The number of job vacancies was slightly up in the fourth quarter of 2006. After correction for seasonal effects, there were 225 thousand job vacancies at the end of December. This is 6 thousand more than at the end of the previous quarter. This was now the fourth time in a row that the number of vacancies rose.
The number of vacancies increased by most in non-commercial services: this sector had 4 thousand more vacancies than in the previous quarter. The sector non-commercial services includes health care and public administration, among other things.
The labour market remains very active. Just as in preceding quarters, there was an increase in both new and filled vacancies compared to the same period last year. In the fourth quarter, 34 thousand extra jobs became available compared to the fourth quarter of 2005 and 30 thousand more job vacancies were filled. Altogether, 238 thousand vacancies were filled in the fourth quarter of 2006.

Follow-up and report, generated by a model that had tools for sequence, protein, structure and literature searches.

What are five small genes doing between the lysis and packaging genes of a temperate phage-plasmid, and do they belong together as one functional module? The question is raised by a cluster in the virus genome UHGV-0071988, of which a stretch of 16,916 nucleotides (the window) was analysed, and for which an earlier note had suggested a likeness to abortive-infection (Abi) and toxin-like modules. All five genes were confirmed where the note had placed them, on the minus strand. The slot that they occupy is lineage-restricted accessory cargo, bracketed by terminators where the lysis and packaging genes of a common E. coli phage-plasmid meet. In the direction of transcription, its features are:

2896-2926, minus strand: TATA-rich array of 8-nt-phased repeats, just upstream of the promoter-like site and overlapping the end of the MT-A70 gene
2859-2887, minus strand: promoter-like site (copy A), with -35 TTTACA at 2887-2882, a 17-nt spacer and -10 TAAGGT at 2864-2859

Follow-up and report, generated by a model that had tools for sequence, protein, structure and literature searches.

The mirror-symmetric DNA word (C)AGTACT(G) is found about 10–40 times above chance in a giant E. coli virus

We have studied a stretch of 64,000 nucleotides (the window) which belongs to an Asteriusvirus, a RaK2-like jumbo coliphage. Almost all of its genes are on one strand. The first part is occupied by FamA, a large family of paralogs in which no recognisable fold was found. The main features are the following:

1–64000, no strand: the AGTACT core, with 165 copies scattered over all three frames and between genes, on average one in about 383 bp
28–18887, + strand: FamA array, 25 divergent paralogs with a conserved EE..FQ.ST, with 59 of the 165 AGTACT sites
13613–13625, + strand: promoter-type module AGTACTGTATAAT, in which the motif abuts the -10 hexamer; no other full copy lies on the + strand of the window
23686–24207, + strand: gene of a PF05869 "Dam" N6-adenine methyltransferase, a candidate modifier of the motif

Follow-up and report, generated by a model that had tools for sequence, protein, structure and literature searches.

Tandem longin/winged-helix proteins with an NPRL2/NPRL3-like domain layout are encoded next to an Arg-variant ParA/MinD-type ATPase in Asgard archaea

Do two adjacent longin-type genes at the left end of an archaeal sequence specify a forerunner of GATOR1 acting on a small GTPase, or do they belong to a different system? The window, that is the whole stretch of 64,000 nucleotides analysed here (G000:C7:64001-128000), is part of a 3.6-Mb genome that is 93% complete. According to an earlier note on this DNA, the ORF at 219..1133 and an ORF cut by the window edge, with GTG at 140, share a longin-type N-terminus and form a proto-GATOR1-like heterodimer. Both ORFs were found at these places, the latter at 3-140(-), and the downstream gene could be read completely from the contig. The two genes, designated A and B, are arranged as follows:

The vacancy rate is defined as the number of vacant jobs per one thousand jobs. It is indicative of the degree of tension on the labour market. For almost three years now, the vacancy rate has been higher than in the same quarter of the previous year. At the end of December 2006, there were 30 vacancies for every one thousand jobs, 7 more than at the end of 2005. There was a noticeable increase in the vacancy rate in manufacturing: from 17 in the fourth quarter of 2005 to 26 in the fourth quarter of 2006. This increase corresponds with a previously observed surge in manufacturing production and the optimism among manufacturing companies with respect to expected employment.
Job vacancies, seasonally adjusted